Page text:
“The truth of the matter is they were not as strong as time went on as they were before. When 9-11 occurred, they failed, because they weren’t as strong as everything thought they were. There are companies now in Atlanta that we may have perceived as strong, but they’re not as strong as we thought they were, and they’re not going to rebound as fast,” he says. Halpern is working hard to ensure his company emerges from this trying time healthy, nimble and growing.
“It would have been less money for me to just shut everything down and wait. I’m doing all this because I want everybody to have a job. I want them to have a job, and a paycheck, and hope for the future,” he says.
A traditional food hub evolves
Dole & Bailey is one of the nation’s oldest meat processors, but the company has evolved many times to keep up with consumer trends. It has embraced the farm-to-table movement and has moved from a traditional meat purveyor to what it calls a “food hub,” supporting New England agriculture of all forms, from vegetables to beef to seafood.
Nancy Matheson-Burns, president of the company, said that the Coronavirus pandemic has led to further changes, as its restaurant customers altered their operations.
“From the start, our sales, purchasing, and marketing teams worked seamlessly to put into action creative solutions for every one of our business segments that remained operational,” she says. “We provided a menu of to-go focused proteins for our restaurants, and we ramped up our hours of operation with the USDA to serve our online retailers. Then we got to work on the new initiatives.”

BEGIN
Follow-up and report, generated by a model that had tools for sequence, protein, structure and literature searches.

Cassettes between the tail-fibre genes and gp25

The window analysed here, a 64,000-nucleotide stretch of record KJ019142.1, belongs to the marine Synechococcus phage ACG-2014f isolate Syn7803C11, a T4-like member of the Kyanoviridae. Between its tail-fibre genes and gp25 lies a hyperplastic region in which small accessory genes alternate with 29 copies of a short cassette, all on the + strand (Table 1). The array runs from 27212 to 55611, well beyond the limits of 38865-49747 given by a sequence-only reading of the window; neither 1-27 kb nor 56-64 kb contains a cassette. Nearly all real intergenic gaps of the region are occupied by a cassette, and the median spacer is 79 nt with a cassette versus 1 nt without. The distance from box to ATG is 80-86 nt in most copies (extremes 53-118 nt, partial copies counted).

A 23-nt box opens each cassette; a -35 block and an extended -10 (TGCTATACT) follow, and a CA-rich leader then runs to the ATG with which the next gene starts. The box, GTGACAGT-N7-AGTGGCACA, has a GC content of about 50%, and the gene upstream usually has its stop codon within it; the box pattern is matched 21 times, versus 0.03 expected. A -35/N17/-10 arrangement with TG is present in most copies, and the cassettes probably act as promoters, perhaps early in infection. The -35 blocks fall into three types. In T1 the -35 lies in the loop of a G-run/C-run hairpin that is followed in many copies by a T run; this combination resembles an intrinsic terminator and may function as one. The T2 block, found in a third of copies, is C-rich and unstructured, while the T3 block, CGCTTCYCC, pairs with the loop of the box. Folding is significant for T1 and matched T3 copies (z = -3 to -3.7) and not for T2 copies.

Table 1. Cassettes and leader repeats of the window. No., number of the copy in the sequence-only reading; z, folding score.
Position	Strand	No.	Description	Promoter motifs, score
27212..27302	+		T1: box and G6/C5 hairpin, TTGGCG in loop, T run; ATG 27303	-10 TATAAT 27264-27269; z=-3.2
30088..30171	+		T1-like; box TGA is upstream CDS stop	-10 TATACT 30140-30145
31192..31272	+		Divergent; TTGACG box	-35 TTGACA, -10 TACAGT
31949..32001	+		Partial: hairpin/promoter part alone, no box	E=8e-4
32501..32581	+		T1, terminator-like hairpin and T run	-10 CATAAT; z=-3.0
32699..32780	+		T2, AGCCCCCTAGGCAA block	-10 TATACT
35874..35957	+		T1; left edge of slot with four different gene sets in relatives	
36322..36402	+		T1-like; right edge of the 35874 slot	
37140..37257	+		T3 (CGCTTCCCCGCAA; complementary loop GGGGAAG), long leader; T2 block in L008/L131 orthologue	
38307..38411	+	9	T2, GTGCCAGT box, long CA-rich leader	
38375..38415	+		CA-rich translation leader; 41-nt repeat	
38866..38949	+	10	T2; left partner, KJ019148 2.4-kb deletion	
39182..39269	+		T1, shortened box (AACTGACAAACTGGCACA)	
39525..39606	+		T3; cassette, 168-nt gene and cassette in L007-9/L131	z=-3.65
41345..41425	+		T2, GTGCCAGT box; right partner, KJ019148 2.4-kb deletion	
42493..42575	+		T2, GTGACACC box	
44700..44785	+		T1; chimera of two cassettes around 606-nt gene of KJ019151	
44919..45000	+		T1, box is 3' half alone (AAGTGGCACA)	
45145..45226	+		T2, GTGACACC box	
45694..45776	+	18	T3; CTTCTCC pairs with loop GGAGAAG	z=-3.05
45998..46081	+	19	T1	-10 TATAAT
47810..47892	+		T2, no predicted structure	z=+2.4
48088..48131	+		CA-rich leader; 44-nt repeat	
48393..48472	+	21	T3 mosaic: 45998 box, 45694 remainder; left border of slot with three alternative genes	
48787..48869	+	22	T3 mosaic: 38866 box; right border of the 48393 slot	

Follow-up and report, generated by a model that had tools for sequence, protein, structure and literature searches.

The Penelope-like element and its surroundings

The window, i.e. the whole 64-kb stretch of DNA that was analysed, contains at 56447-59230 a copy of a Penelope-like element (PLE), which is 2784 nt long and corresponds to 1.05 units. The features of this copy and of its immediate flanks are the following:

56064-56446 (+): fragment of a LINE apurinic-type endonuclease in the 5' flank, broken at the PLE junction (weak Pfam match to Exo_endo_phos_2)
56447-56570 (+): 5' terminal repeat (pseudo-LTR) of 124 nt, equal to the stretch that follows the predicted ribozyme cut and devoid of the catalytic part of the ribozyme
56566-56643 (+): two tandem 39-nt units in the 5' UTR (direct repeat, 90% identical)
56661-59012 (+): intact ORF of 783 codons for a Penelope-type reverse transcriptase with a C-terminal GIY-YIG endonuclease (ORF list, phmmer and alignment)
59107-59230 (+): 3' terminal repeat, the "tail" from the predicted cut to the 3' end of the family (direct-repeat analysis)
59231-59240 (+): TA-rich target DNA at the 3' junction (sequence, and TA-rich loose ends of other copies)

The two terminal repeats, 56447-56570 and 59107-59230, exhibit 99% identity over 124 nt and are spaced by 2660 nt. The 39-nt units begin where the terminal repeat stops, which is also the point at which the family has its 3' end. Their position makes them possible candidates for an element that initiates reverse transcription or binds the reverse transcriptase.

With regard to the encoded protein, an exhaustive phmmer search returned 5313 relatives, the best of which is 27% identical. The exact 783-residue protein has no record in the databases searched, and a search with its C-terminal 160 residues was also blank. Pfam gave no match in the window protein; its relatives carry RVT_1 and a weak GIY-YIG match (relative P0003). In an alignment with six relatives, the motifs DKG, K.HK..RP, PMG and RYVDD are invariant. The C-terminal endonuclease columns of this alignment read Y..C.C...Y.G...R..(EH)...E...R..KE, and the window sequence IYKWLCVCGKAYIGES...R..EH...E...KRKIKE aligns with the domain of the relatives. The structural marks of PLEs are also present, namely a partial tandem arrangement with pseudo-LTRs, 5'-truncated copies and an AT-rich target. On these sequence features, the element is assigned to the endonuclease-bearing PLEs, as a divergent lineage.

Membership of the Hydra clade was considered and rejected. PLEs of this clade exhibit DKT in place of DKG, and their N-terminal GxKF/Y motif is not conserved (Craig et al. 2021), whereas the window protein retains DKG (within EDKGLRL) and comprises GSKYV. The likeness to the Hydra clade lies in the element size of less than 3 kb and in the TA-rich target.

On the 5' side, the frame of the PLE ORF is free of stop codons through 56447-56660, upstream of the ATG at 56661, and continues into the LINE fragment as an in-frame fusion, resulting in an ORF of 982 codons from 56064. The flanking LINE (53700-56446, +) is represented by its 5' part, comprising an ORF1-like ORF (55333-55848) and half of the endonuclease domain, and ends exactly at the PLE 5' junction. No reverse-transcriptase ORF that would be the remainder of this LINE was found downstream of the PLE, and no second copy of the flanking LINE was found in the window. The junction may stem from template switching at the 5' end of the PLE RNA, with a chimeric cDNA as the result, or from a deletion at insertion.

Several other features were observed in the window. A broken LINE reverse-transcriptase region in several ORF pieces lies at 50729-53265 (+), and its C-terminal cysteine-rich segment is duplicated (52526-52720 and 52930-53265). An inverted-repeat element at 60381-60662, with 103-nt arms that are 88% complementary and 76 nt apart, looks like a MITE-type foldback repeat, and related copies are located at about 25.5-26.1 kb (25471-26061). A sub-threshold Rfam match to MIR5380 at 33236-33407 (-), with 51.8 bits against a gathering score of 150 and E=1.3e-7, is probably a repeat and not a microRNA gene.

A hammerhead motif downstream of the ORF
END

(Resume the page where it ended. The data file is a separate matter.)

Within a couple of hours, she says, Dole & Bailey had a framework for a new home delivery program, shifting its focus from chef-centric items to home cooking. The new items were more flexible in application and packaged in more manageable sizes.
“We created meal boxes by breaking cases, offering smaller-quantity items that were better suited for the at-home chef, and launching distribution of them that afternoon through our local drivers and UPS,” she says.